For stocks it’s actually only three: value, momentum, and quality. We lose one for stocks as the fourth, carry, is essentially the same as value for equities (it differs in important ways for bonds, FX, and commodities).
 Now, the number of ways we measure these factors is indeed larger than just three. That is, we use many separate measures for each of the three themes of value, momentum, and quality. That is not data mining. It’s about measuring the concept robustly – almost exactly the opposite action in spirit. Data mining is about overfitting randomness or errors. Since every measure of a factor contains error, averaging across a host of similar related measures can reduce those errors. It’s a separate more minor gripe but Robert Novy-Marx’s comments on our work (only touched on in this article which confusingly excerpts a longer back-and-forth) misses this point entirely.
 And one other guy who used to work with us, it didn’t work out, and now works with a rival – a more minor issue but definitely a pattern (two for two) for this article. Isn’t there anyone on Earth he could’ve found who thinks I’m ok? Was my mom not taking his calls? There’s a dude I had a playground fight with in 3rd grade. I called him names and he beat the crap out of me. I assume he was next on this reporter’s list.
 By the way, it’s ironic that Gross Profitability is one of the major factors Rob thinks is data mining and is also the major academic contribution of Robert Novy-Marx, the other guy cited in the article. Can’t they just argue with each other, cut out the middle-man, and leave me out of it?
 This is our second big public dispute. The first came when Rob renamed other people’s work on value investing as “fundamental indexing” and declared it was barely related to value (he’s since migrated that story somewhat back towards reality without ever acknowledging what he asserted for the first few years). Ironically part of our current dispute over factor timing is him finding value works (weakly) for this timing task and me pointing out, yet again, that yes, that’s just systematic value investing itself, not anything new. Plus ça change…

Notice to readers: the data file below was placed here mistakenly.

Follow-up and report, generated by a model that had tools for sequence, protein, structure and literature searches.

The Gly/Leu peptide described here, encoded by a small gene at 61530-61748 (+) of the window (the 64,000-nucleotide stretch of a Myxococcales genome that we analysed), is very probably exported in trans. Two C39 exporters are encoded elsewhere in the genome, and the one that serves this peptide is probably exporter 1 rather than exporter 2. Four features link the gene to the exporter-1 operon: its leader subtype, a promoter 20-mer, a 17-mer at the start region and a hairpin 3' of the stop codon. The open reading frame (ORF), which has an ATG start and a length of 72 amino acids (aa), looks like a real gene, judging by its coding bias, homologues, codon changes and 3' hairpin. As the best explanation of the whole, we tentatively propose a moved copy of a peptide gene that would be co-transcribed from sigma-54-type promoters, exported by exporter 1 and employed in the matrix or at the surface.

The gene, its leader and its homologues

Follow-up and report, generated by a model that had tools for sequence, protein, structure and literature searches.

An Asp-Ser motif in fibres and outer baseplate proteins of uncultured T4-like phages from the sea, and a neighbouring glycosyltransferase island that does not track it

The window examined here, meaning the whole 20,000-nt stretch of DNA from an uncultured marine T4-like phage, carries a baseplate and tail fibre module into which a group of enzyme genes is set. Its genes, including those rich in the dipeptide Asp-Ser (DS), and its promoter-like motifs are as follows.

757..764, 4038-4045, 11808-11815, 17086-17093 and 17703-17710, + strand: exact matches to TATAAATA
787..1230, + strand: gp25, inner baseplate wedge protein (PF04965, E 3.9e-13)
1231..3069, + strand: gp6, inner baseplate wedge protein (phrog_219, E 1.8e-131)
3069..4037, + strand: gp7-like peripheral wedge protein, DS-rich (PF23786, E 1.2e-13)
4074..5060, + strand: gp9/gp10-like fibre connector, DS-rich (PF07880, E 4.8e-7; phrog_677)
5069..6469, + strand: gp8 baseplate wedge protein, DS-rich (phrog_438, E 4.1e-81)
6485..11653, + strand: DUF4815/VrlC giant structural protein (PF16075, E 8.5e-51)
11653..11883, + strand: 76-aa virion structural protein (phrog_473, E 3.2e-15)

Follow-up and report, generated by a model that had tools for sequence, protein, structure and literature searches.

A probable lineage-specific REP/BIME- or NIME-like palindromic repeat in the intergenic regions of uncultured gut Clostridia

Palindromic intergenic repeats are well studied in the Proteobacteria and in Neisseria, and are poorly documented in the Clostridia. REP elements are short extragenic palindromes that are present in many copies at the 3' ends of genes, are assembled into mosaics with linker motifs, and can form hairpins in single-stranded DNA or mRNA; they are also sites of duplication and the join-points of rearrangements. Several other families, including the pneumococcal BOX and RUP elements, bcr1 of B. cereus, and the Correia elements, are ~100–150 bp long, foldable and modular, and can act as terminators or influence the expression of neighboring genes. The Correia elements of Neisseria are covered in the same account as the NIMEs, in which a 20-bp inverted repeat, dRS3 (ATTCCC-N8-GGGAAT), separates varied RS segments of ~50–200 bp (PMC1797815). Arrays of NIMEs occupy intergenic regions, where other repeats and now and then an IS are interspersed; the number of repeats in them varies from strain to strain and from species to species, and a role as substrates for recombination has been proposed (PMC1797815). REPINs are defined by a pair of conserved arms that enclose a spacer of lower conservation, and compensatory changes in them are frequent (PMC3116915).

Sadly this is far from unique to AQR – I wish they were just ours!
 That was a mixed metaphor including honey, vinegar flavored whoop-ass whatever that is… Ok, it really doesn’t hold together, sorry.
 It’s likely that we do it in different proportions with different specific implementations, but this is still about basically shared beliefs.
 In fact, despite our several major disputes and his off-hand accusation here, “data miner” is not something I’d call Rob (nor would I say what Captain Kirk says in the link!)
 Now, if you want to accuse me of something that has more bite, may I suggest “Cliff gets way too emotional and, even if he’s usually right, his temper tantrums really sometimes hurt him”? Yeah, you got me. I snuck in the “even if he’s usually right” part. That’s optional, but I recommend it.
 If you’re curious look at the “regression coefficient-adjusted” lines here in the tables that he, for some reason, presents but then promptly ignores as he then repeatedly, and only, refers to the greatly exaggerated results instead.
 Turnover is perhaps the primary but not the only reason that factor richening does not add or subtract one for one from factor return. Ilmanen, Nielsen, and Chandra (2015) explore these other effects they call “wedges”.
 Hey, if that can be done, I promise to acknowledge it and apologize. It’s certainly possible that the answer is somewhere in between his wild claims and the math I show (I’m certainly capable of missing something!).
 Each, again, implemented with many robust measures if possible.